NEW YORK (GenomeWeb) – An international team of researchers has sequenced the ferret genome, which they say will bolster its use as a model organism to study human respiratory diseases such as influenza and cystic fibrosis.
The team led by the University of Washington's Michael Katze put together a 2.41 gigabase draft assembly of the Mustela putorius furo genome, which they then annotated using RNA sequencing data from 21 ferret tissues, as they reported in Nature Biotechnology today.
The researchers additionally examined the ferret's gene expression response to infection with pandemic influenza strains over time as well as investigated how closely a ferret model of cystic fibrosis mirrors disease progression in humans.
"By creating a high quality genome and transcriptome resource for the ferret, we have demonstrated how studies in non‐conventional model organisms can facilitate essential bioscience research underpinning health," co-author Federica Di Palma from The Genome Analysis Centre said in a statement.
The team performed whole-genome sequencing on a female sable ferret and assembled the reads they generated using ALLPATHS-LG into a 2.41 Gb assembly, including gaps. They then annotated the ferret genome using Ensembl and RNA-seq data from 24 samples of 21 tissues from both male and female ferrets. The researchers further annotated protein-coding gene models by combining Uniprot mammal and other vertebrate proteins sequenced with the RNA-seq data they generated.
Based on those annotated ferret protein sequences, the team constructed a phylogenetic tree that placed ferrets within the carnivore suborder Caniformia. While the ferret lineage diverged from what was to become the primate lineage before rodents did, ferrets are more similar to humans than rodents are because of the rapid evolution rodents underwent after their split from the primate lineage.
For three-quarters of orthologous triplets, ferret proteins were more similar to human proteins than were mouse proteins, Katze and his team reported. For instance, the ferret cystic fibrosis transmembrane conductance regulator (CFTR) protein has a PAM distance of 92 percent to the human CFTR, while the mouse has one of 79 percent. This, the researchers noted, suggests that many ferret proteins have evolved to conserve functions similar to the human protein orthologs.
Indeed, by comparing relative transcript abundance in seven tissues from ferrets and humans, the researchers found broad similarities in tissue-specific gene expression.
As the ferret is a common model organism to study human influenza virus infection, the team used the genomic profile it developed to enhance its examination of how ferret gene transcription changes in response to viral infection.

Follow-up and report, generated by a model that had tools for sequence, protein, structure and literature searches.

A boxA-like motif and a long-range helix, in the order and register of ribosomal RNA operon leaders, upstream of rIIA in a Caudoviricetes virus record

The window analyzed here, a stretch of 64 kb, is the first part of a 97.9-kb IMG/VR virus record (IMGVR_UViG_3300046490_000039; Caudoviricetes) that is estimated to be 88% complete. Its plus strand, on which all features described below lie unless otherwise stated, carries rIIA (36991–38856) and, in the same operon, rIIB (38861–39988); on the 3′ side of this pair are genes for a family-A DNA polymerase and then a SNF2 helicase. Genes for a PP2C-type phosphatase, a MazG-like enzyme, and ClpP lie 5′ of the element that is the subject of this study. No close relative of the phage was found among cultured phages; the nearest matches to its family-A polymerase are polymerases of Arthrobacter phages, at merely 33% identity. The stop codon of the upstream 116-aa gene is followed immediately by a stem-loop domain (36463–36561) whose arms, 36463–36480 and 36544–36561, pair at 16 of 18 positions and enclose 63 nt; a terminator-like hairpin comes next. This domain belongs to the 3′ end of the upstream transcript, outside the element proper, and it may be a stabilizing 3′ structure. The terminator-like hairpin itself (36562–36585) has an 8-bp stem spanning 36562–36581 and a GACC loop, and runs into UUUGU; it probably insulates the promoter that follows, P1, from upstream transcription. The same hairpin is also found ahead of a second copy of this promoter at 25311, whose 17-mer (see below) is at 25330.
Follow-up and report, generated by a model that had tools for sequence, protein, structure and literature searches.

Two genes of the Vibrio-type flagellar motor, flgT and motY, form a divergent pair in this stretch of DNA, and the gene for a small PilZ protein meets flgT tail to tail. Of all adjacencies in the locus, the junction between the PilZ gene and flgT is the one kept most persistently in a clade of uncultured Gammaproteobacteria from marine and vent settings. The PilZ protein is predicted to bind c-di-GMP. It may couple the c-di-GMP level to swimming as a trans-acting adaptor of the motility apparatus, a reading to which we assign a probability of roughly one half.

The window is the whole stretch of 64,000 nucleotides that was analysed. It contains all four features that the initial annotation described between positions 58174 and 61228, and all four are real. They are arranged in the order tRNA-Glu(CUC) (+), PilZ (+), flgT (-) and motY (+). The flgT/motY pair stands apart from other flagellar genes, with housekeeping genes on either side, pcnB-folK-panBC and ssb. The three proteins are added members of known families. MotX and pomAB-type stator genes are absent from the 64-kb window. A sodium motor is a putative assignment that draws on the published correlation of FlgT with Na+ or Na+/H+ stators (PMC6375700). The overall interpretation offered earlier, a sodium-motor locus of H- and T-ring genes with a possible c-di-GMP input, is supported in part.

They infected ferrets with either the H1N1 2009 pandemic virus A/CA/04/2009 or the reconstructed H1N1 1918 pandemic virus and collected samples from their upper and lower respiratory tracts at various time points after infection. They then performed RNA-seq on those samples, finding that host transcriptional changes were more extensive in the infected trachea — they noted more than 9,800 differentially expressed genes there — as compared to the lung.
The different viruses also had a varying effect on host gene expression in the trachea. Infection with the 1918 virus kicked off differential expression of a number of genes at day one post-infection that was sustained through eight days after infection. The 2004 virus, meanwhile, led to gradual transcription changes — mostly affecting the same genes as the older virus — that peaked eight days after infection.
Xinxia Peng, a research assistant professor in the Katze lab, noted that the two flu viruses result in different trajectories. "This side-by-side comparison reveals that the host response to these two viruses differs primarily in the trachea and may explain the course of infection," Peng added.
The team also investigated how cystic fibrosis progresses in a ferret model as compared to samples from humans. Using microarray-based analysis, the team examined gene expression changes in ferret knockouts of CFTR and normal ferrets, which they also compared to human cystic fibrosis datasets.
In newborn ferrets, they noted, there were some 470 genes that differentially expressed between the CFTR knockout ferrets and non-CF ferrets. Functional analysis of these genes indicated that they were mostly involved in coagulation, immune, and serotonin signaling pathways.
Older animals, they added, had more extensive differences in gene expression, affecting pathways like cholesterol biosynthesis, eicosanoid, and IL8 signaling and regulation.
Broadly, the team noted, these changes are similar to what's observed in humans with disease.
"We found that there are transcriptional changes from day one, right out of the gate, and many of the changes are very similar to those seen in humans," Peng said. "The findings suggest that some of the disease processes responsible for the lung damage seen in cystic fibrosis begin very early in life."
Based on their use of the ferret genome sequence to examine host response to influenza and cystic fibrosis disease progression, the researchers argued that having the ferret genome can enhance the use of ferrets as model organisms.